Further Reflections on the General Election

A few days after the election a colleague tweeted:

“Rise in support for Corbyn, Sanders & other movements tells us… people are open to big narratives about structural change” #systemschange

The reason I don’t think this is true, even though the respected economist Stephanie Flanders said the same thing to the RSA after the Brexit vote, is as follows.

Brexit, Trump, Saunders, Netherlands, Austria (first time round) were all examples of people voting principally for candidates defined by what they opposed, usually ‘the establishment’; they were not votes in favour of a particular ideology or plan. So too the election and re-election of Corbyn within the Labour Party – brought about not least by frustration from some Party stalwarts and ideological support from newer, inexperienced and predominantly young members. In its own way Macron’s vote in France was negative too, rejecting both traditional parties as well as the obvious (and established) FN ‘protest’ option; though En Marche’s subsequent Parliamentary vote has set course for a positive way forward. The problem with installing a government on the basis that they oppose what you oppose is that you have no yardstick by which to judge success – who do you vote for when they disappoint? That way anarchy lies.

I was talking to arch-Brexiteer Daniel Hannan earlier in the year: I said that everyone who supported ‘Remain’ knew what they wanted the world to look like in the weeks after the vote, whilst barely no two Brexiteers could agree on their vision of life in or out of Europe – and he agreed. Research shows that although many people who voted Brexit (overwhelmingly the less well educated) had no vision: they were voting ‘against’ the establishment both for conventional, rational reasons but also through anti-foreigner, anti-establishment, even anti-Green and anti-feminist sentiments. There was no coherence to the Brexit ‘movement’ other than around what it was – and is – against.

On June 8th in the UK election we saw exactly the same happening, not on a national scale but on a local one:

– In Scotland there was a swing against the majority party (the fact that both Con and Lab benefited from this suggests it was an anti-SNP/anti-independence swing, not a pro-Lab or pro-Con one)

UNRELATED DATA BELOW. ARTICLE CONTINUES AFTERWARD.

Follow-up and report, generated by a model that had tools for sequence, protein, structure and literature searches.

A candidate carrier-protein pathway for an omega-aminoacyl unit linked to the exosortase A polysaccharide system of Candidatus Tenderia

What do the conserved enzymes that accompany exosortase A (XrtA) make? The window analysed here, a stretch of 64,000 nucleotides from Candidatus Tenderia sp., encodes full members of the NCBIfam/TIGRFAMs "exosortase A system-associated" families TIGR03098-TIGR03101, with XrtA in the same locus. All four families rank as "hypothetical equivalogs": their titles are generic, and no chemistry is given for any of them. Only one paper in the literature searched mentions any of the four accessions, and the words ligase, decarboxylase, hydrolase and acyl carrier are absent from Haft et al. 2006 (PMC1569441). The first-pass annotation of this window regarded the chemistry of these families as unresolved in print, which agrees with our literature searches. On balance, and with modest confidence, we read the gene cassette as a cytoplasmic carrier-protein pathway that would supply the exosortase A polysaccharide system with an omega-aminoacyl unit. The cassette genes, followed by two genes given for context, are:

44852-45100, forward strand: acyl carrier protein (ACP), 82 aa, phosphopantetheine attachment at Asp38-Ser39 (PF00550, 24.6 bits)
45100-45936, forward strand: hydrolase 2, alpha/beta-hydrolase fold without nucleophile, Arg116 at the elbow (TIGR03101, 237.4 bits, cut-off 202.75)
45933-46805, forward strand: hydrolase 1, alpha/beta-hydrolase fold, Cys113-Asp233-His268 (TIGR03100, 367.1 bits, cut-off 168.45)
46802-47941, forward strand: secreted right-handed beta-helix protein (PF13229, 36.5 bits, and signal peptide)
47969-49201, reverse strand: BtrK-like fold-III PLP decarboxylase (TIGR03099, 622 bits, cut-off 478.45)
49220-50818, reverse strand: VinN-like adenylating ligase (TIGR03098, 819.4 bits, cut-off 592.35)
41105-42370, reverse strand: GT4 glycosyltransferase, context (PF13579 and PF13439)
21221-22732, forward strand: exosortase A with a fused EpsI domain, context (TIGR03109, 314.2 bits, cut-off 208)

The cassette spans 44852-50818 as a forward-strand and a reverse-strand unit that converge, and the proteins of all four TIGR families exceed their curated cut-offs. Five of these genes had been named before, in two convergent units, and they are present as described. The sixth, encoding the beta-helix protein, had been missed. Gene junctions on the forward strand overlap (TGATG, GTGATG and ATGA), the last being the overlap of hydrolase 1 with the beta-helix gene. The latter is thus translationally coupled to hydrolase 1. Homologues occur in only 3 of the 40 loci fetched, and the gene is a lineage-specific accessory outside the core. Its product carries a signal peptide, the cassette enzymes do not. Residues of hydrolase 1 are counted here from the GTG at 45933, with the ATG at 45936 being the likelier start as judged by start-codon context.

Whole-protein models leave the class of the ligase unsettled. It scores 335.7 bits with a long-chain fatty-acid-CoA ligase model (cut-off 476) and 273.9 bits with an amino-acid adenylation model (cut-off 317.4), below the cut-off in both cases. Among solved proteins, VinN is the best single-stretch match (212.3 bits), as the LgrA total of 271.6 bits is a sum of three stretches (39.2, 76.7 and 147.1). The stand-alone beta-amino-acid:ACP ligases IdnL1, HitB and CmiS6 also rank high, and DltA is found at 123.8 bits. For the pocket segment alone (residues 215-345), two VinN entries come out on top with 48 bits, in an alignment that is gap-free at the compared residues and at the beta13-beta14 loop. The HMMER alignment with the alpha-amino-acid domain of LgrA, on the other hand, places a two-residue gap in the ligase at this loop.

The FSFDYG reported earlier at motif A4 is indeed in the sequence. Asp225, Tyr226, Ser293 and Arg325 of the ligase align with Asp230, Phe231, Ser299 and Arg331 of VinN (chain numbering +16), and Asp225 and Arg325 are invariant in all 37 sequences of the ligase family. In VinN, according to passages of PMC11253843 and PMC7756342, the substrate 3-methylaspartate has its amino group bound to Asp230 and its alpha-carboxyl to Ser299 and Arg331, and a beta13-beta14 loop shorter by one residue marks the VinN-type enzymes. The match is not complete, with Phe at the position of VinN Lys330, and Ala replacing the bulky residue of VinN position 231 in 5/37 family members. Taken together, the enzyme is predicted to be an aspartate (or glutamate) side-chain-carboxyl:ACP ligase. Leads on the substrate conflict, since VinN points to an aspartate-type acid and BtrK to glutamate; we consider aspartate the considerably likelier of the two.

– In England (apart from London and the North West) there was an ‘anti-the-party-of-my-local-MP’ swing – big anti-Labour swings in the north east (though not enough to lose seats) but also across the east and west Midlands, taking out Stoke South, Mansfield, Walsall N, North East Derbyshire; Tories lost vote share (and seats) in their heartlands too.

– London was different; Labour did exceptionally well because its people and most of its MPs are solidly ‘Remain’, because there was no sizeable UKIP vote ‘up for grabs’ and because Sadiq Khan is popular and active.

– I’ve had to revise my analysis to account for the North West, where Labour did well. It has to be seen in the context of doing very badly in the county elections, nationwide, just five weeks earlier. What changed in the interim was Andy Burnham’s election as Manchester Mayor (highlighted by perceptions of his leadership around the Manchester bombing). The words ‘Labour’ and ‘success’ came together in the media and Labour held North West marginal seats that it had contemplated losing.

The seat I used to represent, High Peak, is a case in point. In May we lost 3 of our 4 Labour county council seats there yet Ruth George won the Parliamentary seat on June 8th with an incredible 14% swing – despite being in the East Midlands. Does this contradict what I said about the Midlands above? No – because in High Peak (split 50:50 on Brexit) 90% of the population receive their media from Manchester, not the East Midlands (the rest get Yorkshire TV). High Peak was thus infected by the ‘Burnham Buzz’, the equivalent of London’s ‘Khan Chorus’. (High Peak also has an extremely sophisticated electorate – who, in their wisdom, elected me three times from 1997. Blue collar workers, who moved away from Labour elsewhere, are under-represented there).

Two more seats: by no stretch of the imagination need Labour ever contemplate relying on Canterbury or Kensington to deliver a majority. Canterbury was a fluke: a massive 40% of the electorate are students there and the timing of the election was perfect in maximising both anti-Tory passion (corralled by Labour’s policy on student fees – thank heaven we don’t have to implement that now!) and the phase of the University year. Sheffield Hallam was similar. Three weeks later, after term had ended, that vote would have been dispersed to the four winds. In Kensington an unpopular MP linked to a very unpopular cause (Brexit, in London) paid the price; her Labour successor has had an unenviable, literal, baptism of fire. Backing up this claim I cite the fact that in my own west London home the three forever Conservative wards of Chiswick all returned Labour majorities for the first time ever – because the Tory candidate lost votes by not opposing Brexit in this 70% ‘Remain’ area.

So, don’t get out the bunting quite yet. There’s a long way to go before a very fluid electorate is likely to coalesce around a progressive government or coalition… Meanwhile Labour’s big challenge is to consolidate those areas once called ‘heartlands’ as well as the conventional ‘swing seats’, where a distinct and worrying lack of progress was made in June. Perhaps this reflects the fact that our leadership has little or no experience of ‘pitching’ for the swing vote in the centre ground of politics…